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My question is related to: LeL $f: (0, \infty)\to R$ be continuous and $f(x)\leq f(nx)$ prove $\lim\limits_{x\to\infty} f(x)$ exists and $f\colon(0,\infty)\to \mathbb R$ be continuous ; $f(x)\le f(nx) , \forall n \in \mathbb N , \forall x >0$ , then $\lim_{x\to \infty} f(x)$ exists?

Let $f\colon (0, \infty)\to R$ be continuous such that $f(x)\leq f(nx)$ for all positive $x$ and natural $n$.

It was proved that the limit (finite or infinite) in the infinity exists. Do we know if such a function must be (weakly) increasing? I believe that there might be counterexamples.

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  • $\begingroup$ The fact that infinite limit exists is a weird (i.e. mathematical) way to say: there is no limit. In other words, it means that a sequence not bound to any concrete value. $\endgroup$
    – 52heartz
    Dec 22, 2017 at 9:47
  • $\begingroup$ @52heartz From the topological point of view it is pretty natural definition. $\endgroup$ Dec 22, 2017 at 9:49
  • $\begingroup$ @52heartz it just another way to say that $\sup f(x)$ and $\inf f(x)$ are equal when taking the limit $\endgroup$
    – ℋolo
    Dec 22, 2017 at 9:50

3 Answers 3

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Let \begin{equation} f(x)= \begin{cases} x \quad &\text{if} \quad x\leq 1\\ 2-x \quad &\text{if} \quad 1\leq x \leq 4/3\\ x- 2/3 \quad &\text{if} \quad x\geq 4/3 \end{cases} \end{equation}

In $[1,4/3]$, $f(x)$ has minimum $2/3$, and in $[1/2,2/3]$, it has maximum $2/3$. Hence satisfies the condition.
Other regions also satisfies the condition. It is also continuous.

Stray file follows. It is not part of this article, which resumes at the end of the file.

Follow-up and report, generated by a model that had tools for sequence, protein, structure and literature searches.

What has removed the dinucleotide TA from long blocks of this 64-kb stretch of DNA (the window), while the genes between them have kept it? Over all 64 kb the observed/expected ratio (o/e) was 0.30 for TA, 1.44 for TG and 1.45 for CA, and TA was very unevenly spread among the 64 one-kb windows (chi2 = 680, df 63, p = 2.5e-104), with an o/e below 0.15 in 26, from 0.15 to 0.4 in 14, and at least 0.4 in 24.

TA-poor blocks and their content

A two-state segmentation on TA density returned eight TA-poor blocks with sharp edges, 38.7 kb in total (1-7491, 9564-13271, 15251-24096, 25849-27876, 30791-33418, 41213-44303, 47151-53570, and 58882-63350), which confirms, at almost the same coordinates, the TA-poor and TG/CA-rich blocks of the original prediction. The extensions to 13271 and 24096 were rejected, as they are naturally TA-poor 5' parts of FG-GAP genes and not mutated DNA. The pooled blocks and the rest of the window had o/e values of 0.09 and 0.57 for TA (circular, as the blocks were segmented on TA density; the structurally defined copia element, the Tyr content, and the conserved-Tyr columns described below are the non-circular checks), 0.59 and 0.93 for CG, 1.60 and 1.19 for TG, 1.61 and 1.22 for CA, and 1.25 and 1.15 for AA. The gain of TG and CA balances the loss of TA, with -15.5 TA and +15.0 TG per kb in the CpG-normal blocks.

Plot of function

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  • $\begingroup$ Thank you for comment. Legend was not reversed but I was plotting $f(x/2)$ and $f(x/3)$, not $f(2x)$ and $f(3x)$. I fixed it. Function is not increasing on $[1,4/3]$. @uniquesolution $\endgroup$
    – Atbey
    Dec 23, 2017 at 8:21
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    $\begingroup$ Why the downvote? This is a counterexample to the claim, hence a valid answer. $\endgroup$
    – Ennar
    Dec 23, 2017 at 8:39
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You can take $f(x)$ such that: $f(x)=10^x$ for $x \in [0,10]$

$f(x)=10^{10}-(x-10)^{100}$ for $x\in [10,11]$

$f(x)=10^{10}-1+10^{10}\times (x-11)$ for $x>11$

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  • $\begingroup$ Is this a counter-example? If so, why? $\endgroup$ Dec 22, 2017 at 20:50
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I thought about this and the answer is no, I'll edit my answer in the other question, thank you for letting me know for my mistake. The function:

We will define $[x]=x-\lfloor x\rfloor$ $$f(x)=\begin{cases}x&\text{if}&[x]=0\\ f(\lfloor x\rfloor)-2[x]&\text{if}&[x]\in(0,0.5)\\ f(\lfloor x\rfloor)+2[x]&\text{if}&[x]\in[0.5,1)\end{cases}$$

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  • $\begingroup$ Your answer for the previous question really needs editing or deleting. All you proof was based on the assumption, that $f$ is (weakly) increasing. $\endgroup$ Dec 22, 2017 at 10:46
  • $\begingroup$ @PrzemysławScherwentke I edit it, I said it was wrong and link to here $\endgroup$
    – ℋolo
    Dec 22, 2017 at 10:47

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